Global Security Newswire
Daily News on Nuclear, Biological & Chemical Weapons, Terrorism and Related Issues
Pakistan Presses Ahead on Plutonium Reactor
Pakistan is roughly 50 percent finished in building a fourth nuclear reactor site at a facility that generates plutonium for nuclear bombs, the Institute for Science and International Security said in a Monday analysis (see GSN, May 16, 2011).
"The completion of the fourth Khushab reactor would constitute a significant increase in Pakistan's ability to make plutonium which appears related to its goal of building a large number of smaller nuclear weapons," according to the Washington-based think tank. Pakistan is presently estimated to hold as many as 110 nuclear weapons (see GSN, April 11).
The interior of the reactor's housing remains exposed in a photograph taken of the site from space on April 3, though the reactor container itself is not within view, the analysis states. Structural support columns moved close to the work location match components at the Khushab facility's second and third reactor sites.
Crews have apparently wrapped up building multiple adjacent constructs, including the reactor's exhaust tower. In addition, two "clearly defined" areas established close to the unfinished reactor have an exterior portion comparable to the nearby section hosting the facility's No. 2 and No. 3 reactors, experts wrote in the report.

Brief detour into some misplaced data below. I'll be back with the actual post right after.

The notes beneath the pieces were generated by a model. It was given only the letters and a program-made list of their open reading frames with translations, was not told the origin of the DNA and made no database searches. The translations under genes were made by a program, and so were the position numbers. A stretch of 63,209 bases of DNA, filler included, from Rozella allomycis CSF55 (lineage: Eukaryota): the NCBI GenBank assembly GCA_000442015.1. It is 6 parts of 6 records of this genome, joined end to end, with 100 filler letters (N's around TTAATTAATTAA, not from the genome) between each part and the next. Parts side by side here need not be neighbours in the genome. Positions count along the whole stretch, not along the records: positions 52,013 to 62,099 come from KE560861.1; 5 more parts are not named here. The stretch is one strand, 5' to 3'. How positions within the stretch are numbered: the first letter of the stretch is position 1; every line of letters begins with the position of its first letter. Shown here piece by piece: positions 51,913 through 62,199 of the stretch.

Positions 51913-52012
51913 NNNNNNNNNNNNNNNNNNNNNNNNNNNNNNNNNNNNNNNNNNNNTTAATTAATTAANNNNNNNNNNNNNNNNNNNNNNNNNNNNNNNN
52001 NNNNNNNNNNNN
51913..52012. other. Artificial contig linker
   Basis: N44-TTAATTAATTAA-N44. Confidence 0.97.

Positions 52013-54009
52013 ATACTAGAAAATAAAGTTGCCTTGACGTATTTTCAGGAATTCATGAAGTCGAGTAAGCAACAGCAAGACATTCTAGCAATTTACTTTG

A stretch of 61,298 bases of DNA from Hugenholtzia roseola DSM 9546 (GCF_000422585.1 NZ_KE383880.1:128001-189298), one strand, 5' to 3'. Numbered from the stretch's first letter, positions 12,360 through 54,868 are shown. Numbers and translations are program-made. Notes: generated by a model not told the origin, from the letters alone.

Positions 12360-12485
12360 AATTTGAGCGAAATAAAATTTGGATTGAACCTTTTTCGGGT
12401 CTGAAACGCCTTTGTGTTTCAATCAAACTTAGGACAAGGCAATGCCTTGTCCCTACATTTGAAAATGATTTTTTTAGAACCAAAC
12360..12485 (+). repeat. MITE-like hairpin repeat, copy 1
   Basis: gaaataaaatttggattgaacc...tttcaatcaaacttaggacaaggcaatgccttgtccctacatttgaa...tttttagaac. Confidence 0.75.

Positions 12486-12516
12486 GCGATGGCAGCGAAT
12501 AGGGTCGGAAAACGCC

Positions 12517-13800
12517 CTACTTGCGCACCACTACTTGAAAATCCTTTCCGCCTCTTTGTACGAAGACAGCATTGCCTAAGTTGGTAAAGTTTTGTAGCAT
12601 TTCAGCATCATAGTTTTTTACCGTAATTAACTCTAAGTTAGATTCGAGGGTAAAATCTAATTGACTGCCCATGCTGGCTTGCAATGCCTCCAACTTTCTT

The dispersal and appearance of certain structures around the fourth reactor site are different from comparable infrastructure near the second and third systems, the ISIS assessment adds.
"The reason for these differences in not known," the document states. "It is also unknown whether Pakistan plans to build a fifth reactor next to the fourth reactor just as it did in the case of reactors No. 2 and No. 3."
"Based on the available imagery ISIS estimates that the construction of the fourth reactor is proceeding about 30 percent faster than construction on reactor No. 3 and that major external work could be complete within 15 months. Predicting when the fourth reactor will become operational is much more difficult since a lack of external construction does not preclude work inside the building and because satellite imagery provides limited indications as to its operational status," the analysis states.
Orbital pictures reveal an increase in protective measures across the entire Khushab nuclear site, including the addition of broadened guarded areas around the facility's four reactors and its heavy-water facility, the group said. The ramped-up protection might be a safeguard against strikes by extremist organizations, which have grown more ambitious in their strikes on Pakistani armed forces installations, the ISIS analysis states (see GSN, May 24, 2011).
The new reactor project reflects an atomic weapons buildup by Pakistan and its regional rival India, according to the think tank. The group urged governments to help avert an intensification by pressing Islamabad to permit talks on a fissile material cutoff treaty at the international Conference on Disarmament in Geneva, Switzerland (see GSN, May 17; Institute for Science and International Security release, May 21).
Sept. 27, 2013
A fact sheet on current and projected costs of maintaining the U.S. nuclear deterrent, produced by the Center for Nonproliferation Studies.
April 2, 2013
An op-ed in The International Herald Tribune urging today's leaders to move decisively and permanently toward a new security strategy in the Euro-Atlantic region.
This article provides an overview of Pakistan’s historical and current policies relating to nuclear, chemical, biological and missile proliferation.